UNMC study sheds more light on COVID, lung disease

Jill Poole, MD

A University of Nebraska Medical Center team recently published a study that adds more insight into COVID-19 and some lung diseases. The paper was published July 6 online in CHEST, a prominent medical journal. 

"Our goal was to determine whether Interleukin-33 (IL-33) was in the lungs of patients who did not survive COVID-19 and compare it to IL-33 expression in other inflammatory lung diseases," said Jill Poole, MD, chief of the UNMC Department of Internal Medicine's Division of Allergy and Immunology. She is senior author of the research letter titled, "IL-33 Depletion in COVID-19 Lungs."  

Other researchers have reported that blood levels of Interleukin-33 (IL-33) were increased at time of hospitalization for COVID-19 and that high levels predicted poor outcomes for the SARS-Cov-2 infection.  

Dr. Poole said in addition to its role in allergic asthma, previous studies have shown elevated IL-33 in the blood and/or lung of those with chronic obstructive pulmonary disease (COPD) and end-stage lung disease.  

A comparative analysis of lung IL-33 expression in cases of long-term effects of a temporary disease or injury, such as in COVID, are lacking and thus the impetus for the UNMC study, she said. IL-33 plays an integral role in optimal functioning of the lungs in wound repair, fibrosis, and remodeling processes. IL-33 is released inside and outside of cells following insult or damage induced by various infectious, noxious, or environmental agents.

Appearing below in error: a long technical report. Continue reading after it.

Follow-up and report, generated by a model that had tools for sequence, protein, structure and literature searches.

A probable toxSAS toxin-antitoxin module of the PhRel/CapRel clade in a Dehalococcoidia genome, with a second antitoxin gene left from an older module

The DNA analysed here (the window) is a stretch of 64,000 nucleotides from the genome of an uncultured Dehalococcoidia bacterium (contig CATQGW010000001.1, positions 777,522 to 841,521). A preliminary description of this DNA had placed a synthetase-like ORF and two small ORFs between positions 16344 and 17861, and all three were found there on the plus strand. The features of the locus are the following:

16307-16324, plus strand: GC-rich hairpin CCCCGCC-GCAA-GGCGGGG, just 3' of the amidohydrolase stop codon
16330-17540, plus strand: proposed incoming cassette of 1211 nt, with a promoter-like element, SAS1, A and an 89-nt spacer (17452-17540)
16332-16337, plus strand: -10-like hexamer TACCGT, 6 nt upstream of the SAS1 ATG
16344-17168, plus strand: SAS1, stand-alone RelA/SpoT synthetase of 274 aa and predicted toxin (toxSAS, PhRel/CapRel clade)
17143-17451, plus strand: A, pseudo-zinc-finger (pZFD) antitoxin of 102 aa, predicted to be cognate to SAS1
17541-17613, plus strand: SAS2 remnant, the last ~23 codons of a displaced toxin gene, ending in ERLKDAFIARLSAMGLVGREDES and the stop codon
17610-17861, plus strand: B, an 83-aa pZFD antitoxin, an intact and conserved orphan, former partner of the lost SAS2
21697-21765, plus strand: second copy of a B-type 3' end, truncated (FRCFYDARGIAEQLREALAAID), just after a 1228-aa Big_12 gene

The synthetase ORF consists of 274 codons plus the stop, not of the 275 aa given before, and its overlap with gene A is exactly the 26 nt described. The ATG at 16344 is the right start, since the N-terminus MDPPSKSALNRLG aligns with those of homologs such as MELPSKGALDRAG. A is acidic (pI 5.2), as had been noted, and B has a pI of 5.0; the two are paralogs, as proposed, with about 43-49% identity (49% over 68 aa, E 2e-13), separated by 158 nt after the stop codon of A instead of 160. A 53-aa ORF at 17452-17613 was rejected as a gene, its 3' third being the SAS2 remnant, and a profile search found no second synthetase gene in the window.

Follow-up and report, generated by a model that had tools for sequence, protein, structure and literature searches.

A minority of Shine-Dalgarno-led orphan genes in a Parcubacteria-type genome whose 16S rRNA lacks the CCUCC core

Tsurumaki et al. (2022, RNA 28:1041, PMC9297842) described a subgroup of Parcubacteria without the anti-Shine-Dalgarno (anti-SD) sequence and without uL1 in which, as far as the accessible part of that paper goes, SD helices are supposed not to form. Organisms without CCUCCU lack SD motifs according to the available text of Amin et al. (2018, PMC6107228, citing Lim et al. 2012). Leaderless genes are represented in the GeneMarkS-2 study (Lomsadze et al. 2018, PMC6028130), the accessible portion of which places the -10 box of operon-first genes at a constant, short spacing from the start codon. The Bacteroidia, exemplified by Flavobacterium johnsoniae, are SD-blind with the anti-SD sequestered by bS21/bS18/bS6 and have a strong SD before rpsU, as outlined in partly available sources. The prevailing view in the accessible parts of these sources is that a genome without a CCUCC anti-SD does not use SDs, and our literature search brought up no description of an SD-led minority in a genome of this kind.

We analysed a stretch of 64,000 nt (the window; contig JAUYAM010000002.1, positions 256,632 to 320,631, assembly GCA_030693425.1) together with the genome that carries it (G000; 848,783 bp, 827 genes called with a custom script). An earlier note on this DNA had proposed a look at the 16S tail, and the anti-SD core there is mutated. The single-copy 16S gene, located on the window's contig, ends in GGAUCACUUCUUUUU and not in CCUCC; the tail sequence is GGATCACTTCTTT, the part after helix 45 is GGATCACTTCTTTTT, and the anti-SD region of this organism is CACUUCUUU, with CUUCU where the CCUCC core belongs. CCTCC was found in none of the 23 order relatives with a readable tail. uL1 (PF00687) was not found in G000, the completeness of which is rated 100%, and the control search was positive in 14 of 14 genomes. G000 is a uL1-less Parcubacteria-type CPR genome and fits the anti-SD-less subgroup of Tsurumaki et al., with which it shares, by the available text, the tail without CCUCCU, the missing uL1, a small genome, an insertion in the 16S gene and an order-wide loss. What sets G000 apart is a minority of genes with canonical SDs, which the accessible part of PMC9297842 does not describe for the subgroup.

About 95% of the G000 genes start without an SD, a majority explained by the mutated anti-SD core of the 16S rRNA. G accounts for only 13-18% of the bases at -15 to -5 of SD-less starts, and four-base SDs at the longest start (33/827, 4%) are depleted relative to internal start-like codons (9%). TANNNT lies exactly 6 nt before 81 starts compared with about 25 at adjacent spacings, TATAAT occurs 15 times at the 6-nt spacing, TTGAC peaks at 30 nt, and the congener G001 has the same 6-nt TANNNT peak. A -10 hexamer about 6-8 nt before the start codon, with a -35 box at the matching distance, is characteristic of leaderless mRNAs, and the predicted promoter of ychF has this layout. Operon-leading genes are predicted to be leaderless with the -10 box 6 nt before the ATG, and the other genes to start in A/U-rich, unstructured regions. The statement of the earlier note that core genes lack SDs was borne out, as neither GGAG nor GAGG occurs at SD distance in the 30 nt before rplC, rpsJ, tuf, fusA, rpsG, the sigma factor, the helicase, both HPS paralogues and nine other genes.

Dr. Poole said using several UNMC bio-banks, researchers found that IL-33 was profoundly depleted – essentially absent – in the lungs of all eight COVID-19 patients who did not survive COVID-19.   

"IL-33 in these COVID patients were compared to normal human lungs as well as those with COPD and chronic, progressive lung disease who had increased levels of lung IL-33," Dr. Poole said. "Interestingly, IL-33 levels were greatly increased in a survivor of COVID-19 who developed severe lung fibrosis (thickening or scarring) following COVID-19 infection."   

"Our study strengthens the relationship and importance of IL-33 in COVID-19, as well as its role in chronic inflammatory lung diseases," Dr. Poole said. "We suggest that additional and longitudinal assessments throughout the COVID-19 disease process are warranted. It is important to understand the mechanisms and timing of lung IL-33 expression and regulation for promoting damage or driving wound repair processes for potential interventional strategies aimed at IL-33 in disease management."   

First author of the paper is post-doctoral fellow Rohit Gaurav, PhD. The multi-disciplinary effort involved several UNMC internal medicine divisions in addition to the departments of pathology and microbiology and the College of Public Health.  

The research was collectively funded through UNMC grants and a variety of federal sources.  

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